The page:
It was a day of firsts. It was the first time that the VDP Grosses Gewächs 2019 tasting had been held outside Germany. It was the first time that this ‘Sneak Preview’ of the dry wines of the new vintage had been hosted by the Institute of Masters of Wine. But, most importantly, it was the first time that us British wine hacks had been subjected on our home turf to the process and efficiency of the VDP’s brilliant tasting procedures. Peter Dean was there to experience a little welcome Vorsprung Durch Technik being injected into the wine tasting system and gives a few pointers as to which wines were firing on all cylinders.
Bad vintages hit Germany as often as football defeats to England and 2018 is no exception, this is a truly exceptional vintage offering a wide spectrum for the wine lover. Yields were also up compared to 2017 in all regions, with the percentage increase as high as 45% in some.
“Welcome to the first VDP ‘sneak preview’ tasting to be held outside Germany,” Richard Bampfield MW began, “and welcome to see how a wine tasting could be put on… with real German process and efficiency.”
Although most racial stereotypes now remain unspoken, the one equating Germany with efficiency, congratulatory as it is, will continue unabated for some time one imagines. It certainly ought to based on the experience of the VDP Grosses Gewächs 2019 tasting.
Never before have I been to a wine tasting where it is possible to concentrate 100% on the wines themselves and not have to use elbows, queue, or dodge the wine-spitting of those hacks who think it is big and clever to hit the spittoon from two metres away; although let’s be fair it is quite big and clever.
We have ways of making you taste
So how did it work? Well we were all given our tasting booklet and Tasting Procedures sheet on entering the room at the Army & Navy Club, a brave military choice of venue methought. We were allocated a number, an order pad and a tasting booklet in which the 125 wines were ordered into 25 flights according to vineyard site. All regions and varieties were covered in a most intuitive fashion natürlich.
To order a flight one simply had to write your seat number and flight number on a sheet from the pad, hold it aloft as if you were playing Bingo and one of about 20 waiters would whisk it away only to return seconds later with your perfectly-prepared wines in a bottle carrier, pour them in exact tasting amounts, in order, and silently disappear, with great speed and efficiency. It was like being in a sommelier-style competition for milkmen.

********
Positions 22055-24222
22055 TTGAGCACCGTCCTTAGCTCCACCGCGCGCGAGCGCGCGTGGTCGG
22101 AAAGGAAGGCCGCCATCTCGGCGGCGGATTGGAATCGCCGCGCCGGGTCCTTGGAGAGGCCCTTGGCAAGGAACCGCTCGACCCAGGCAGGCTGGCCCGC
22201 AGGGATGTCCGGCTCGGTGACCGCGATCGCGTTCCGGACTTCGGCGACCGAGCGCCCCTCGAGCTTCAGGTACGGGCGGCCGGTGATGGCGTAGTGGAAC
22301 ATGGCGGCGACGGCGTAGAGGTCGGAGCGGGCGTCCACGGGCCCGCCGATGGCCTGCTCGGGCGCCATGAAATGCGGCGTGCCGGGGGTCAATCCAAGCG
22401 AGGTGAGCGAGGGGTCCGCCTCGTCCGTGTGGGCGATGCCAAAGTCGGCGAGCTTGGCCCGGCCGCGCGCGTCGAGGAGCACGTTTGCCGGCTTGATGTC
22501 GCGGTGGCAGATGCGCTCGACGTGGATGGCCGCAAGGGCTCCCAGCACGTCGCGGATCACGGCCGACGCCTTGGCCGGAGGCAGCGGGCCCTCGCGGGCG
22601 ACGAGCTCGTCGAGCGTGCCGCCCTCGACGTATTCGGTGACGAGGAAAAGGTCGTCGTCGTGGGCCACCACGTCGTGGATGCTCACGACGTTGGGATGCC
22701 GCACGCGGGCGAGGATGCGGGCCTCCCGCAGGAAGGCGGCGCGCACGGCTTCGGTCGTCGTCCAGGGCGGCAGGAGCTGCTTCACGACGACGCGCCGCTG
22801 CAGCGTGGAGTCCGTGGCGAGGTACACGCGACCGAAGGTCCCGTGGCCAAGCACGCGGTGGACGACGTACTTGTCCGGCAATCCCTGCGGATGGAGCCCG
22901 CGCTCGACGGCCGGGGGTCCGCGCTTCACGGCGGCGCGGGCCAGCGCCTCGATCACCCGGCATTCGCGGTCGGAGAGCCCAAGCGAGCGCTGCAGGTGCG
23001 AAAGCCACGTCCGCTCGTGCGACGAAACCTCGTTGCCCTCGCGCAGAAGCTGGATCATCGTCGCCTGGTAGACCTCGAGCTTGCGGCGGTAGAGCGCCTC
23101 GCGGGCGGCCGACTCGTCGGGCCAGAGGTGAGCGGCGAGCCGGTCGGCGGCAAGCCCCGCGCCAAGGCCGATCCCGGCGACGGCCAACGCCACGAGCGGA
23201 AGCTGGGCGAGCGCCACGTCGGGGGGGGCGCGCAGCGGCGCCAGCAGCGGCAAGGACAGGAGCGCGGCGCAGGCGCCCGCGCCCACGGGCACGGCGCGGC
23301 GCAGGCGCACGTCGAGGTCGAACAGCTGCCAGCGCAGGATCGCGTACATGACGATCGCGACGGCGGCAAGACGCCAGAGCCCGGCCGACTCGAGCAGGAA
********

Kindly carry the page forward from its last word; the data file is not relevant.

“Four bottles of Kabinett for No.5. And a packet of Water Biscuits.”
I managed to get through the wines in two and a half silent, studied hours, write my notes, press flesh on the way in and out. Perfect. It was like sitting your Finals but with more alcohol.
Scores on the doors
I confess to being a huge fan of German wine and the German people. I own more German wine than I can safely consume in this life, and possibly the next, so it is no surprise to find that I thought the wines were of a very high rank… or standard. After all, bad vintages hit Germany as often as football defeats to England.
2018 has been a truly exceptional vintage for German wine with the drought not causing too many issues, except a slight lessening of acidity. The quality offers a wide spectrum for the wine lover, from very promising sparkling base wines to fabulous Beeren- and Trockenbeerenauslese wines. Yields were also up compared to 2017 in all regions, with the percentage increase as high as 45% in some. In the Mosel yields were up 30% and the quality is fabulous with rich aroma, harmonious structure with moderate acidity levels and elegant, juicy fruitiness.
The (dry) wines at the tasting, then, from the 200 elite vintners of the VDP were pretty much all outstanding, making this a vintage buyers should ‘go long’ on. All wines we tasted were true of their variety and region, the only possible disappointment being the Spätburgunders which were uneven as a group and whose youth gave rise, in some wines, to some unattractiveness on the palate, although those could well disappear with time. The best one showing was from 2015.
So here’s my Top 10 VDP Grosses Gewächs 2019 (in no particular order)
All wines are dry, and all wines are Riesling unless mentioned.
Fritz Haag, Brauneberg Juffer-Sonnenuhr, Mosel, 2018
Maximin Grünhaus von Schubert, Mertesdorf, Abtsberg, Mosel 2018
Maximin Grünhaus von Schubert, Mertesdorf, Herrenberg, Mosel 2018
Peter Lauer, Ayl Kupp, Mosel, 2018
Robert Weil, Kiedrich Gräfenberg, Rheingau, 2018
Dönnhoff, Niederhausen Hermannshöhle, Nahe, 2018
Emrich-Schönleber, Monzingen Halenberg, Nahe, 2018
Philipp Kuhn, Laumersheim Kirschgarten, Pfalz, 2018
Dr. Bürklin-Wolf, Forst Ungeheuer G.C., Pfalz, 2017
Siegrist, Leinsweller Sonnenberg, Pfalz, 2015, Spätburgunder
The VDP promised us that if this tasting was a success then the experiment would be repeated next year. I don’t think I am the only at the event who has already marked it in their diary.